Nowruz, 3000-Year-Old Spring Festival of Persian Origin (Part 5)
The United Nations in its Feb. 23, 2010 General Assembly recognized March 21 as International Day of Nowruz to let the New Year festivity of over 300 million people across the globe become officially international.
According to the preamble of the resolution on the International Day of Nowruz, which means new day, member states were asked to register March 21 as the International Day of Nowruz in their official calendars. The UN resolution has described Nowruz as the day of the vernal equinox, which is celebrated for over 3,000 years by more than 300 million people worldwide as the beginning of the new year.
Nowruz marks the beginning of the New Year in Iran and Afghanistan. In addition to Iran, with official and unofficial holidays during Nowruz, it is celebrated as an official holiday in many other countries although Nowruz is not the beginning of the new year in some countries.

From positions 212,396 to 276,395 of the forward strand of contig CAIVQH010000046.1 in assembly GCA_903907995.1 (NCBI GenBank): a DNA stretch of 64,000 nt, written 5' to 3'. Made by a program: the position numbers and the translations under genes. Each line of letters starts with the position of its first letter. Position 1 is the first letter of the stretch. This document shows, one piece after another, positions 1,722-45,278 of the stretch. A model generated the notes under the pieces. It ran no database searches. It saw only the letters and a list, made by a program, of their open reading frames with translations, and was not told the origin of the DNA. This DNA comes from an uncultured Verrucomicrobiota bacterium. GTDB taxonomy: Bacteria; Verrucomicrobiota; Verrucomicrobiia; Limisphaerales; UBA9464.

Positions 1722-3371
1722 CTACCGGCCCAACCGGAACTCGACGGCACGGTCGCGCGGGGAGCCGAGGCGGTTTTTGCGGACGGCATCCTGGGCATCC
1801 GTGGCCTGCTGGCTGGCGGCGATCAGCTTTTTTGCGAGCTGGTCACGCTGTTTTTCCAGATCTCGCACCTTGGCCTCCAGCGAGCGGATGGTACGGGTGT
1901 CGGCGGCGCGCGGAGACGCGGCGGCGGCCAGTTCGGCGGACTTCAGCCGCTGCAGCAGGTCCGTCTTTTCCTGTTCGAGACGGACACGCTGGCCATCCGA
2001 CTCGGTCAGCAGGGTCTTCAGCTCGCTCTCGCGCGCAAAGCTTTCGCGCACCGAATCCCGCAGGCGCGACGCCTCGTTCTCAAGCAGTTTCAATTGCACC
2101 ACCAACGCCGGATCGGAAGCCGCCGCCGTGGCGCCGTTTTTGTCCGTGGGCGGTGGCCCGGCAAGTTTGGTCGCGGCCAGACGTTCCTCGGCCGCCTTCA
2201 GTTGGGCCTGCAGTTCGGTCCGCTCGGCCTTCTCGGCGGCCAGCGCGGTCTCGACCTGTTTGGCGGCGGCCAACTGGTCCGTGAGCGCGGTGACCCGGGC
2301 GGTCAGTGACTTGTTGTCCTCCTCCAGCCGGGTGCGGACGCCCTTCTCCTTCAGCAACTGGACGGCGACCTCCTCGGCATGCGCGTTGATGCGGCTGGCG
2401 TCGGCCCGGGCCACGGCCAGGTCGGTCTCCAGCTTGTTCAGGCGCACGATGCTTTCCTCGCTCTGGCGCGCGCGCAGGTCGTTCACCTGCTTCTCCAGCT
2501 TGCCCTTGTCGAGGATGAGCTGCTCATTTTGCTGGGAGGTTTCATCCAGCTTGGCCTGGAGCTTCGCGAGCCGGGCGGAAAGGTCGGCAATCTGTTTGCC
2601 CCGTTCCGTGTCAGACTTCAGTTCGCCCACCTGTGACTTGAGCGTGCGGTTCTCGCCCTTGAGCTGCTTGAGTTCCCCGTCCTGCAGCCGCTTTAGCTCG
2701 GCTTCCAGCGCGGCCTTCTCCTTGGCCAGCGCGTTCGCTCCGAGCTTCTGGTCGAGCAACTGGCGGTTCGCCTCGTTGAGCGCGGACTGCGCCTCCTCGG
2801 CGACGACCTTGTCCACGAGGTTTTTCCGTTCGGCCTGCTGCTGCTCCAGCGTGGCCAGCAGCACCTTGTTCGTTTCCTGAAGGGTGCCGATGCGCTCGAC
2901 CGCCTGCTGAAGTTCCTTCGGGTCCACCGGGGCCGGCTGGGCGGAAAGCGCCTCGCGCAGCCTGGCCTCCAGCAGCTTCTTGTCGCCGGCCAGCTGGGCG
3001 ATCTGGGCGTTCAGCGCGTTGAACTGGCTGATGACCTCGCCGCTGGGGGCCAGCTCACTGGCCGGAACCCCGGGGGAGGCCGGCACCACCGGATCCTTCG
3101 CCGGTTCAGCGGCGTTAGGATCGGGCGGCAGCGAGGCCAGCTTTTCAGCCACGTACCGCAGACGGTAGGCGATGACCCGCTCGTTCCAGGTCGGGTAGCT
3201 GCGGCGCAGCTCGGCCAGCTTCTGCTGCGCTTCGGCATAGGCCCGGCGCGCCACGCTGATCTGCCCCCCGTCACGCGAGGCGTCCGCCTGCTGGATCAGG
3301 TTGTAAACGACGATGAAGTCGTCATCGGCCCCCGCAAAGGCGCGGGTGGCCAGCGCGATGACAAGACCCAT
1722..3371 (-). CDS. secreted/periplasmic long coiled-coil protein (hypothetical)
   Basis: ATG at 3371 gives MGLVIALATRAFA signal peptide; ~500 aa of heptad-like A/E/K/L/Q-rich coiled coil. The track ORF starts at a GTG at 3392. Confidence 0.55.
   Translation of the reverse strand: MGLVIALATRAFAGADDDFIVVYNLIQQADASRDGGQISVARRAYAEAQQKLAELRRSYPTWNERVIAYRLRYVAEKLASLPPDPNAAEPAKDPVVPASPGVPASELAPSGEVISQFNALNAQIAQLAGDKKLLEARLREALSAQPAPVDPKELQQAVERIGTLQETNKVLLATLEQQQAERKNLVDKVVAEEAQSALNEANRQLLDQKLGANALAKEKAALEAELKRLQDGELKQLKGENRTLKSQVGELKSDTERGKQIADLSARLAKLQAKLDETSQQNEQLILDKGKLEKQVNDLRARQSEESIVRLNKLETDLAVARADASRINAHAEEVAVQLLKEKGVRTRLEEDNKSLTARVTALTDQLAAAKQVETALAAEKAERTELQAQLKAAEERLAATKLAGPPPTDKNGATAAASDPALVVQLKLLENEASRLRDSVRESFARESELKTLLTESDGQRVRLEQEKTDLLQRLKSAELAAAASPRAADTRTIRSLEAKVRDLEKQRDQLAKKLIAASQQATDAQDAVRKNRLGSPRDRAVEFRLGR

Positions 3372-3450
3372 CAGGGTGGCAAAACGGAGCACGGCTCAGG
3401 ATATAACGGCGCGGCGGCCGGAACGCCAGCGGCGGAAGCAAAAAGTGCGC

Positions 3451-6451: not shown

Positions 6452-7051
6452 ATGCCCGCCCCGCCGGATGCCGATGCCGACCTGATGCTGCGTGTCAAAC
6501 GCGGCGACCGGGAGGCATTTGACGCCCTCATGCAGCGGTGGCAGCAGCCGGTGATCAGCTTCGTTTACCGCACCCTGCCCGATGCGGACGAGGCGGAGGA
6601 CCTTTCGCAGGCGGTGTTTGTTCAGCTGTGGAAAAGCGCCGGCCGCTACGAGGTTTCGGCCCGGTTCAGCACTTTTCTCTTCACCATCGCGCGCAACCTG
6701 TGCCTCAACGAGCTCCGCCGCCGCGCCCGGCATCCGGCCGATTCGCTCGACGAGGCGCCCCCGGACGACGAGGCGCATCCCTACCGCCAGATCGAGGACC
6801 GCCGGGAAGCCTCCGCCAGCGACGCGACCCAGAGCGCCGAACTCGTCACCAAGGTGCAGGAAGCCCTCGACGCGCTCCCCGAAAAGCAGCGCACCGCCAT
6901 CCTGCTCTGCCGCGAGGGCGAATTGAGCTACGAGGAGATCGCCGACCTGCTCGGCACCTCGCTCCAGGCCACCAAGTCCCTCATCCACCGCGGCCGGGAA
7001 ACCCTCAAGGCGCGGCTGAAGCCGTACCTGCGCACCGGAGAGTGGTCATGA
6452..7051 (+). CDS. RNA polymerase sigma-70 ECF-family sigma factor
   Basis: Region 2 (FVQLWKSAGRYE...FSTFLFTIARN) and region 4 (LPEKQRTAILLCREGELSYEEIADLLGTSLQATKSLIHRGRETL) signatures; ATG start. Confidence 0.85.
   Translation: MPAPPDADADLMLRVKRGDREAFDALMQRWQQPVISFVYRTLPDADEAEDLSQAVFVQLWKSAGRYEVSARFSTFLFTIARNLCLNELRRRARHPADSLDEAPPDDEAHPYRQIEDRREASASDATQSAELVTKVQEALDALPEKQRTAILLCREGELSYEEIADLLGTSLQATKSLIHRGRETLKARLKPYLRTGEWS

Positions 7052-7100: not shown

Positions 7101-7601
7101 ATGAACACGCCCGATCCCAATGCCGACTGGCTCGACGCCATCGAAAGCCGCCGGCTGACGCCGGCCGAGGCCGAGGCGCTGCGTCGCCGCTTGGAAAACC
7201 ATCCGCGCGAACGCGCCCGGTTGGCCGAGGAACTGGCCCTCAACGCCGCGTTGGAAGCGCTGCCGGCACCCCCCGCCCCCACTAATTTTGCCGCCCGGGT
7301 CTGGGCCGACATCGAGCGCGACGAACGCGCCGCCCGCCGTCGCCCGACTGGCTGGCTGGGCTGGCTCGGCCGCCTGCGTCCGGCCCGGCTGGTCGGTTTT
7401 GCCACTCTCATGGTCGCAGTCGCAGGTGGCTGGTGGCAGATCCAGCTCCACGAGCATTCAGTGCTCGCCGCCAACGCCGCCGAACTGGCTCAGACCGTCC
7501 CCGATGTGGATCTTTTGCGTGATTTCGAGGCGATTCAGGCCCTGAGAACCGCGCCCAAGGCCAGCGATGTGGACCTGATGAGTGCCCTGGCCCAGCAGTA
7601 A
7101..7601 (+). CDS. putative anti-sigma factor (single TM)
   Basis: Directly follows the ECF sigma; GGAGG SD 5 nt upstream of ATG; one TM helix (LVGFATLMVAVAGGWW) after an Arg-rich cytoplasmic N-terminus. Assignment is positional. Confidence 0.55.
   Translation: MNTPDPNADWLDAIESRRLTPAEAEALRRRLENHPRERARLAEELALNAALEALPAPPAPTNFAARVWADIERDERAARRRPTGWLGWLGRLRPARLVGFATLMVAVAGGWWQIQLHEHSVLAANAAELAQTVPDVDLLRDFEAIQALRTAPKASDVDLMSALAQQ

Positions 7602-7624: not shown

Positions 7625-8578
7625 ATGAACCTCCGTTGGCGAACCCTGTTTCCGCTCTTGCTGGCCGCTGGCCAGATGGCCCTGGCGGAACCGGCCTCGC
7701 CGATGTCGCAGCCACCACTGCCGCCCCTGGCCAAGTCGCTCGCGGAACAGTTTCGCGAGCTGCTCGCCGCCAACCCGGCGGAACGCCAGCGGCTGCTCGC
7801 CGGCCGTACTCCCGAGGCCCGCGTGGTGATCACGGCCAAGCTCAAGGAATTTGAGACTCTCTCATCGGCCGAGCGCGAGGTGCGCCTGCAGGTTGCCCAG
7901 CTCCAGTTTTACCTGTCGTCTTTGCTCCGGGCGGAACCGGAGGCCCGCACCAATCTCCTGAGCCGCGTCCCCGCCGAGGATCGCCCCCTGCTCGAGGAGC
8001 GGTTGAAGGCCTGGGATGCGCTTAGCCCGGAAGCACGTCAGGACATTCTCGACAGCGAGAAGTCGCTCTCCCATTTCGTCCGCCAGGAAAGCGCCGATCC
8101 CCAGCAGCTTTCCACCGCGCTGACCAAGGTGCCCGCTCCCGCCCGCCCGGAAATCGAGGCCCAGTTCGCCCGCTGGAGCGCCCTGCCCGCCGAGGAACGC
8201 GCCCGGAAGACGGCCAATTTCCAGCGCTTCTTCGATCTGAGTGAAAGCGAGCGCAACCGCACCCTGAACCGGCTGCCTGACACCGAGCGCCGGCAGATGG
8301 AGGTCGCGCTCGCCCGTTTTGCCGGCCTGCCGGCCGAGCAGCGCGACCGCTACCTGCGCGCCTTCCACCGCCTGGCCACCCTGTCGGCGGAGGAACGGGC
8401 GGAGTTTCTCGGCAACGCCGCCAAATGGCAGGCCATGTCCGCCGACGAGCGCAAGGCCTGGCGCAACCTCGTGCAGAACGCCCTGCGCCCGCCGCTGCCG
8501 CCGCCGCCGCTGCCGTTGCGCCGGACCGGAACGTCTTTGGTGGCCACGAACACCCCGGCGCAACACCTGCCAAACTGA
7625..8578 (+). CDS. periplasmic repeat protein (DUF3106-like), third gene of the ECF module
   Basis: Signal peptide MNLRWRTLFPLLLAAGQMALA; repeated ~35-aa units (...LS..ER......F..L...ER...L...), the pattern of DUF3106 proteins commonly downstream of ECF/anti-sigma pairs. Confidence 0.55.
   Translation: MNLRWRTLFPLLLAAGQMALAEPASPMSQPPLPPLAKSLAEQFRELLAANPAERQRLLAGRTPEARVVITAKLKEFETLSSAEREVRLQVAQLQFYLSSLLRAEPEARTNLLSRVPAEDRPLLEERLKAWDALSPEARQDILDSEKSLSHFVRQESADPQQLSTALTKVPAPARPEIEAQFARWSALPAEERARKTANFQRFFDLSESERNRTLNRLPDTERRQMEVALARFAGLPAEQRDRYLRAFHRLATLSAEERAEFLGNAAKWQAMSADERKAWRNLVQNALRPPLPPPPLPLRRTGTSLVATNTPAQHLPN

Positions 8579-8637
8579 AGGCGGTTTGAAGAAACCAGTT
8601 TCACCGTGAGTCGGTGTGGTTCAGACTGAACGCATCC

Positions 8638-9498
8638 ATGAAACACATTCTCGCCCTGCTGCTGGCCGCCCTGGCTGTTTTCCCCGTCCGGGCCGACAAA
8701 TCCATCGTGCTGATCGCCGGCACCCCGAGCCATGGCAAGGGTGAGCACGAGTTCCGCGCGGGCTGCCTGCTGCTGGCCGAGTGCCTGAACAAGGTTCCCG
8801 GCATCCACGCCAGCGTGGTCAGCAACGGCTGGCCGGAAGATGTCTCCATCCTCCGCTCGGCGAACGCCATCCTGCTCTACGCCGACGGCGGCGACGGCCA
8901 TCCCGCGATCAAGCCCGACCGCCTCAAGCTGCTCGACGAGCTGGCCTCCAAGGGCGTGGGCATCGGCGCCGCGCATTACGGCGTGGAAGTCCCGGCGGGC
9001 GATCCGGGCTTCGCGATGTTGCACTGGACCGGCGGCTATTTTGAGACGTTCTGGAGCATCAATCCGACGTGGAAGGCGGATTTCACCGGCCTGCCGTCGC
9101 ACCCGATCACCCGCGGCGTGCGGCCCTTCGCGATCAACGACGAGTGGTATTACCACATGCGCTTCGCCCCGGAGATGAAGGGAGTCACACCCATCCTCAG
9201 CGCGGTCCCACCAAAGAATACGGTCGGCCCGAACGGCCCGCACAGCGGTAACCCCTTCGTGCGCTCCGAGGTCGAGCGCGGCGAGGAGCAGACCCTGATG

People in Uzbekistan observe March 21 as the Nowruz holiday and organize special ceremonies. They forgive one another for the probable offences they might have received from each other. Nowruz day is celebrated in the Central Park Square in Tashkent in the presence of high ranking state officials.
March 22 is a national holiday for Nowruz Festival in Albania. Sultan Nowruz is an annual ceremony gloriously observed as a national festival in this country. The most glorious ceremony is observed in the main premises of Bektashi people in Tirana, where people gather for the ceremony on the morning of March 22.
People in Kosovo celebrate Nowruz on March 21 as a national holiday. Like Albania, they enjoy Sultan Nowruz Festival which begins by a minute of silence commemorating those killed in Kosovo War.
Translated by: Sadroddin Musawi